Browse our collection of:
Recently Added to the Library
You put your daughter to bed hours ago, but at 11 PM she comes running into your room saying, “I want to sleep with you. I’m afraid.” This has been going on for the past month even though she has always slept alone without any problem.
It is Monday morning and your son complains he has a stomachache and doesn’t want to go to school. You know he’s not sick, but for the last two months his tummy aches have been a common occurrence. What is going on? Read more »
James, a middle-schooler, comes home from a long day at school and looks forward to downtime playing video games. After dinner, he searches for 15 minutes to find the scrap of paper where he wrote down his homework assignments, while his mother does the same, providing help that he does not appreciate. Upon finding the scribbled down assignment, three paragraphs on the night’s social studies reading, James shuts down. He says it’s too much. For half an hour his mother cajoles him, trying to convince him that he can get it done while he argues back. Read more »
After Mike and his girlfriend of three years ended their relationship, his parents expected their son to be crushed. The relationship had been a large part of Mike’s life and his girlfriend, Lori, had been like a member of the family. Lori had hoped they would remain friends, but Mike was too devastated. For weeks, he was withdrawn and moody; he avoided friends and rebuffed his parents’ well-intentioned questions. His mood was slow to improve and his parents worried that he would not be able to attend college in the fall. Read more »
Your daughter has a large report due next week. She’s distressed and doesn’t know where to begin. You know that she chronically procrastinates. Your son shows you a low score on his multiplication test. He’s discouraged and doesn’t want to study. You don’t want your children to flounder, but how do you help them without taking over their schoolwork? Start by teaching kids strategies that they may not have learned in school. Read more »
Sara swept her vibrant red hair out of her face as she smiled up at me, clearly pleased with herself and seeking praise for the fact that she had completed her reading beautifully. What a change from the tentative reader I had met one year earlier. In fact, “reader” would not have been the right word for Sara then, as she was still sounding out every letter, sometimes forgetting to blend them back together to create a meaningful word. Sara’s school was considering holding her back to repeat first grade. But by the beginning of third grade, one year later, she had caught up with her peers and was scoring at grade level.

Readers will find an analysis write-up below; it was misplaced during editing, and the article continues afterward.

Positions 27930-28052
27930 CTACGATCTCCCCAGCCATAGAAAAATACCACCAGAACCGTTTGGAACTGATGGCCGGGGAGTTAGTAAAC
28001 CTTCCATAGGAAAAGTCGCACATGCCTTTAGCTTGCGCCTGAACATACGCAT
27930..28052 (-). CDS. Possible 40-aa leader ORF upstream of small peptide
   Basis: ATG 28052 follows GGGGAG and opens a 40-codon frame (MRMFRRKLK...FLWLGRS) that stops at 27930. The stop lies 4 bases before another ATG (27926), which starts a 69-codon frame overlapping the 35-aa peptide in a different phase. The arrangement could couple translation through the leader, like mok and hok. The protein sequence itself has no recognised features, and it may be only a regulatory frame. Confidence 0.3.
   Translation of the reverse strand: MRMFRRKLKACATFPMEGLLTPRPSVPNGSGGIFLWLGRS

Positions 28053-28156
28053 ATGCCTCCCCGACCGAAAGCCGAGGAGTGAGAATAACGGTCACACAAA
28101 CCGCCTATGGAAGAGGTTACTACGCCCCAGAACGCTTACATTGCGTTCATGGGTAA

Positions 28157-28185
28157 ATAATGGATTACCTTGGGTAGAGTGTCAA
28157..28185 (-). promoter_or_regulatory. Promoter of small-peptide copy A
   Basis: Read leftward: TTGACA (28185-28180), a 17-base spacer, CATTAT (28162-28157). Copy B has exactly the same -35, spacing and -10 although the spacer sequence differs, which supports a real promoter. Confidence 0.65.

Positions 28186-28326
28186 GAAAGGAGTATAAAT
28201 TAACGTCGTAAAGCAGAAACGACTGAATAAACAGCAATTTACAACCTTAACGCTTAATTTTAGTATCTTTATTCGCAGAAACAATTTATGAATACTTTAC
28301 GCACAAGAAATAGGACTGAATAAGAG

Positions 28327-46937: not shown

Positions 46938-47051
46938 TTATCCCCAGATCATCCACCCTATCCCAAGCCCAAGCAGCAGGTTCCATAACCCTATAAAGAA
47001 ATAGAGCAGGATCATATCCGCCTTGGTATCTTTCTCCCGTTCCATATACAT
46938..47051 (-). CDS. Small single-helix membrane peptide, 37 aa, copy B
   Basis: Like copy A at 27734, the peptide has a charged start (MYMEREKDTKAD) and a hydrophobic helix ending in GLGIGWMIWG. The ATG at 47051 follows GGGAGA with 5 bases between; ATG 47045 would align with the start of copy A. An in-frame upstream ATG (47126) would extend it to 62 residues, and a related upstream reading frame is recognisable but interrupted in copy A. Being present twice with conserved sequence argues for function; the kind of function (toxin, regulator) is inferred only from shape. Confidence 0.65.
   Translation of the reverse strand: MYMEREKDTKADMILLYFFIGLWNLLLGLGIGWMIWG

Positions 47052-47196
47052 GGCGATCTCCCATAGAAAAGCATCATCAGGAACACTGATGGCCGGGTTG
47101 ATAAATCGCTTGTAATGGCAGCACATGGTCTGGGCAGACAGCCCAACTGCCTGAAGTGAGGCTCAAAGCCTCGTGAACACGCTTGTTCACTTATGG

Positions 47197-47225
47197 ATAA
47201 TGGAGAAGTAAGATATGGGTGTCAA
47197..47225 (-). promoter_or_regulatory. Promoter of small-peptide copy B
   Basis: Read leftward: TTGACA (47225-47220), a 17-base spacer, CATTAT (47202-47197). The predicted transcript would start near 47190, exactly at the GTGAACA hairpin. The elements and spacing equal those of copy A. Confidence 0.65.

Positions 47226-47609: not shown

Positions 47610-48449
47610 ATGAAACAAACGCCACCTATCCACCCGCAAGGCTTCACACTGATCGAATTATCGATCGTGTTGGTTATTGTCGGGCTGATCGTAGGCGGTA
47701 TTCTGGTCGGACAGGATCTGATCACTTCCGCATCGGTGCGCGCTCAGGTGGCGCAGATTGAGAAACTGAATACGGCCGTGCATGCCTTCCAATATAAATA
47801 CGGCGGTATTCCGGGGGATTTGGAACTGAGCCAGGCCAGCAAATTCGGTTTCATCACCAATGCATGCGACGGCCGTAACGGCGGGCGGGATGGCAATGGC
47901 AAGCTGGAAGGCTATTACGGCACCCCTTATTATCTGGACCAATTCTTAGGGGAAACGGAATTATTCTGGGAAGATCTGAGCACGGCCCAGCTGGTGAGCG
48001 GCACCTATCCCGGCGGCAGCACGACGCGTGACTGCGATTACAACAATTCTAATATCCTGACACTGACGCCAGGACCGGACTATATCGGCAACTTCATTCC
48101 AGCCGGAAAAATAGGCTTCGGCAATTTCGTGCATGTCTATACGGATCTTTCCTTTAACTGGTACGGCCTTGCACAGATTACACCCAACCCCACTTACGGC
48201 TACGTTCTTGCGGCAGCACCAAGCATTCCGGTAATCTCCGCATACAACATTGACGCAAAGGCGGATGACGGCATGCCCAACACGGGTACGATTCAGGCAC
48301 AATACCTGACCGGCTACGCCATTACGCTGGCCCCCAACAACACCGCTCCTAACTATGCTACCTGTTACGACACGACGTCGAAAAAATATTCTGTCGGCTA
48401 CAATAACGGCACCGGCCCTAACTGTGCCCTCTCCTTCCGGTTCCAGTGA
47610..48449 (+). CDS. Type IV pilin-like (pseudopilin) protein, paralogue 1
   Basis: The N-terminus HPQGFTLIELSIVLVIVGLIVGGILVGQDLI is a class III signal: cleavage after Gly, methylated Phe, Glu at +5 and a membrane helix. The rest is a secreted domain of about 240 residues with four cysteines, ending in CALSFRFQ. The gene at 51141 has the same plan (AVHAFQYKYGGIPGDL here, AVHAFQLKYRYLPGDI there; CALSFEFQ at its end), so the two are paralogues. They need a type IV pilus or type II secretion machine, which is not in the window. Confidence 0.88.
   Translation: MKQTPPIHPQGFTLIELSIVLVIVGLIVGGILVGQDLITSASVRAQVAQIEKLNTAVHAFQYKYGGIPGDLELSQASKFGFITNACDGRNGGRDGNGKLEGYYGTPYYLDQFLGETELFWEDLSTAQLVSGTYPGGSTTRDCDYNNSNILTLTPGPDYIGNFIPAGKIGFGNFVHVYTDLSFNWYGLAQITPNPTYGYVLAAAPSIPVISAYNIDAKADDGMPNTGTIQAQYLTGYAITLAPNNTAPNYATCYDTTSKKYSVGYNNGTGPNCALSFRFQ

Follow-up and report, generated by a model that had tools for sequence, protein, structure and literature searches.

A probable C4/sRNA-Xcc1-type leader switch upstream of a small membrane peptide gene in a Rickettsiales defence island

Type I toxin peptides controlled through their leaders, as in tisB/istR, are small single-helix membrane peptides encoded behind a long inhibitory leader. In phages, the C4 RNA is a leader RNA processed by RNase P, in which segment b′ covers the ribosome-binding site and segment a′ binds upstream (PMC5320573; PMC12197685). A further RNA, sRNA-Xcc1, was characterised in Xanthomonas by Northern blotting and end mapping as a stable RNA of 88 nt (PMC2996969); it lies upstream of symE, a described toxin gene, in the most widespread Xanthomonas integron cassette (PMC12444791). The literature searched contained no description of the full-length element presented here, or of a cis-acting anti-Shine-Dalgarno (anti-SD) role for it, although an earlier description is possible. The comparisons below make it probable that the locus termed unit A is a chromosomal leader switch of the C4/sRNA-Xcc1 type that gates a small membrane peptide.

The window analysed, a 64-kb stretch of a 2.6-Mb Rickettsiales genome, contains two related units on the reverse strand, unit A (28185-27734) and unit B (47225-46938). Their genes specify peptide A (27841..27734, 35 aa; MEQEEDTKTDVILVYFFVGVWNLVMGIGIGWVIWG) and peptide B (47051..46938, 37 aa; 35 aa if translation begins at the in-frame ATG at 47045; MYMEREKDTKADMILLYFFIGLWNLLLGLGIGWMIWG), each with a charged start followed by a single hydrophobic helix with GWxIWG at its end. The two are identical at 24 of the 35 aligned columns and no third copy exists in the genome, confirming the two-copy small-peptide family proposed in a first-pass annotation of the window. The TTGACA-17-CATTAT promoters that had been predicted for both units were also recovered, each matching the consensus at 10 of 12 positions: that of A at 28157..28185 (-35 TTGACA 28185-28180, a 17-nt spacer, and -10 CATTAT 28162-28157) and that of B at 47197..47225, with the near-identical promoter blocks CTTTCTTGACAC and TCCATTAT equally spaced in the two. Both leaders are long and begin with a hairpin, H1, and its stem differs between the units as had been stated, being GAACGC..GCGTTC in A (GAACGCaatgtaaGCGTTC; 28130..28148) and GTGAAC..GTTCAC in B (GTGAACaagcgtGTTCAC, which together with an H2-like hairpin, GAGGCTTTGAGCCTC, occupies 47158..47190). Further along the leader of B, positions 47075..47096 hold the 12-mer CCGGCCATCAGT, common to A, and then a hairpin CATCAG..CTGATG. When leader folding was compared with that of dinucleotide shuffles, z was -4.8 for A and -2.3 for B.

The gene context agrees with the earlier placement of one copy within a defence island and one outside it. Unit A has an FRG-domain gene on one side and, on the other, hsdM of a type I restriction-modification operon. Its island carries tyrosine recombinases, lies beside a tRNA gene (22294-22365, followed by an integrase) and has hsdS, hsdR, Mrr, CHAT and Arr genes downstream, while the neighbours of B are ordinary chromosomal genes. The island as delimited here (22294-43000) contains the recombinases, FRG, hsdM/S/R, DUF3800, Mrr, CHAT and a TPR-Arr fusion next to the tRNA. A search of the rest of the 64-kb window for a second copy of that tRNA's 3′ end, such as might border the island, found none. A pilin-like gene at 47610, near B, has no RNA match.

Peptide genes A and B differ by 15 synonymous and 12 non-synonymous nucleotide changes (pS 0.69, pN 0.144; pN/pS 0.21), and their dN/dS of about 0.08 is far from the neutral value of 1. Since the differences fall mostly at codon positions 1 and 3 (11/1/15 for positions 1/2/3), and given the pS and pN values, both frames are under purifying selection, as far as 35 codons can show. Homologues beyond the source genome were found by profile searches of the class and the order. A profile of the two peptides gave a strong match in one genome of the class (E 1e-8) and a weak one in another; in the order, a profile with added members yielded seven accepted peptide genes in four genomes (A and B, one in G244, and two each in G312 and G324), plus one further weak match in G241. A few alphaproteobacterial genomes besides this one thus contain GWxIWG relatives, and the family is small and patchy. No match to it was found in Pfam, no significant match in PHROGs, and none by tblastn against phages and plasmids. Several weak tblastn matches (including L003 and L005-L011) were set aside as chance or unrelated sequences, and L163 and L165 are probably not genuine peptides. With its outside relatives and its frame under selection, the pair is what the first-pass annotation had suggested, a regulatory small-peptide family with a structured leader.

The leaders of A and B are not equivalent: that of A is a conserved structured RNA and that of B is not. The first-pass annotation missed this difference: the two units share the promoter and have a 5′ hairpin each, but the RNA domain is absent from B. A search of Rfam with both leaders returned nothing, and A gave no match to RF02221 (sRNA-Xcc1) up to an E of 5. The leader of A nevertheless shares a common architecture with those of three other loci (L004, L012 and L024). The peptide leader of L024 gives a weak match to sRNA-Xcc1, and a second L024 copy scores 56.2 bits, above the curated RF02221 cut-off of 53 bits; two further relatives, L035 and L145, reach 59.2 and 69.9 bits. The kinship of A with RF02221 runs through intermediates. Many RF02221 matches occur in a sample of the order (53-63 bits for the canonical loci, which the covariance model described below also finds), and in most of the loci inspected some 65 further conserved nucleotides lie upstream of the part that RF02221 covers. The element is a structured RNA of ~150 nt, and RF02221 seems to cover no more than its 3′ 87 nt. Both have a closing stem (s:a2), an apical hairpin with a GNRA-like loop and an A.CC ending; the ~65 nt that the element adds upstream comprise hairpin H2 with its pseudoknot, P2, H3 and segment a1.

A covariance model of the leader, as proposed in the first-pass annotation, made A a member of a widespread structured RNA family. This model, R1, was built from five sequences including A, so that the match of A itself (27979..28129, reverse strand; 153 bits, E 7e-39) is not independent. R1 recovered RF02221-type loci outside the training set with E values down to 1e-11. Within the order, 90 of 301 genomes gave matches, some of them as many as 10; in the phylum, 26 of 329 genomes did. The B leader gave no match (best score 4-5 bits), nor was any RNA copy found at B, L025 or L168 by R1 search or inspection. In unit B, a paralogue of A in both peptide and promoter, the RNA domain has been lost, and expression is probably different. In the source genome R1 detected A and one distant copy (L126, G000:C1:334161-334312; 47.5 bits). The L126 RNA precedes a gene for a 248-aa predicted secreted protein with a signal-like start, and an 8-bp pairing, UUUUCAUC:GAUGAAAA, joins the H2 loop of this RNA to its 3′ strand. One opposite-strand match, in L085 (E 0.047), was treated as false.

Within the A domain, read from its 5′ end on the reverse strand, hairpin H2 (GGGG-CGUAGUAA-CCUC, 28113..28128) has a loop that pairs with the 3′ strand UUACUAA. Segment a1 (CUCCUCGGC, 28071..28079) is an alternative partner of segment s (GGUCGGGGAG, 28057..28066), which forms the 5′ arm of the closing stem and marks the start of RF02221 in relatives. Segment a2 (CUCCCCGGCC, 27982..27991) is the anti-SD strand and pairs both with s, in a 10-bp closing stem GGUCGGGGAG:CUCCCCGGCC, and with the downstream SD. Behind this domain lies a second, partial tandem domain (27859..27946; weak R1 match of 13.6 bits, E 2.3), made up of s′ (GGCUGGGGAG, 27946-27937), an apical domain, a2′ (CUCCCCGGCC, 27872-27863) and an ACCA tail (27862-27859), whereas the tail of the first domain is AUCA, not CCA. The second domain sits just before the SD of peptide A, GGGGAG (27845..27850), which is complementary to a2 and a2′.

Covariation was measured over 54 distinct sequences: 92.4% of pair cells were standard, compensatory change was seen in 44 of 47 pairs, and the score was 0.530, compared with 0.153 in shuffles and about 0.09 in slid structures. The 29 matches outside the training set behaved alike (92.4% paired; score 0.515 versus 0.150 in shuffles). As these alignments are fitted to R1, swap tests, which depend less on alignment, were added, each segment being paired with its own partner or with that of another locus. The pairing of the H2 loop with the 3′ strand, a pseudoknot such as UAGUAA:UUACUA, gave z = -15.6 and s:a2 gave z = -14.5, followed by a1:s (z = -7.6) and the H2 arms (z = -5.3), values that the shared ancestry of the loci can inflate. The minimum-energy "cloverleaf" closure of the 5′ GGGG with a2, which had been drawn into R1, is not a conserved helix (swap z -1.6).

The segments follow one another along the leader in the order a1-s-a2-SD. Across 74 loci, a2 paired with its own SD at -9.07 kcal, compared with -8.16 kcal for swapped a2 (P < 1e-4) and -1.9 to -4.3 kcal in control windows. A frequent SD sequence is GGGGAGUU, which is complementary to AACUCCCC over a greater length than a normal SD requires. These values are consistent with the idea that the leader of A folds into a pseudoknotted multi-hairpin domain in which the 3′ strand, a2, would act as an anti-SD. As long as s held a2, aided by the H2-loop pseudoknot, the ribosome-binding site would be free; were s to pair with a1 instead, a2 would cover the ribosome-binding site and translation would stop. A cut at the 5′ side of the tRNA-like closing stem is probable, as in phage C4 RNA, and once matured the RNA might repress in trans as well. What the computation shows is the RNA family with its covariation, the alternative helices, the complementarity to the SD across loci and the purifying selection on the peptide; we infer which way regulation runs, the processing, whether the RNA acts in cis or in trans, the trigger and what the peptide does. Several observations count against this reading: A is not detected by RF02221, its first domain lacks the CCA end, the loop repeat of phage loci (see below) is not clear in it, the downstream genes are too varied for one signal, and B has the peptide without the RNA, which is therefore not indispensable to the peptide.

What caused the dramatic change? Read more »
You’re standing at the grocery checkout counter, and your son asks for the M&Ms. You say, “No.” He asks again a little louder and you say, “No.” He starts whining. You repeat, “No.” He starts pulling on your sleeve and screaming at the top of his lungs. Everyone is looking at you.
“Okay, just this once,” you relent, and throw the bag of M&Ms onto the checkout counter. You’re relieved that the embarrassment has stopped, but what have you taught him in the long run? Read more »
You have a lot of titles as a parent: short order cook, chauffeur, personal assistant, maid. Are you also your toddler’s ever-present translator? No, she’s pointing at the yogurt hiding behind the milk gallon. Well, she’s screaming because you handed her a purple cup and she only drinks out of green cups.
It’s easy for you to navigate through these situations to avoid the tantrums and frustrations because you know your child’s preferences and you know she doesn’t have strong communication skills. You can respond to points, grunts and cries, but are you really helping her by swiftly taking the path of least resistance? How can you teach her the communication skills she needs to be independent and thrive? Read more »
Is your child struggling with the same behavior challenges in school without making progress? Does he or she have ADHD-like symptoms?
You’ve just received a report from the teacher saying that Derrick had another bad week – he was too distracted to complete his work, he constantly interrupted the teacher, and he continues to bug the kids around him. You’ve talked to the teacher until you’re blue in the face and time outs just aren’t effective. What do you do? Read more »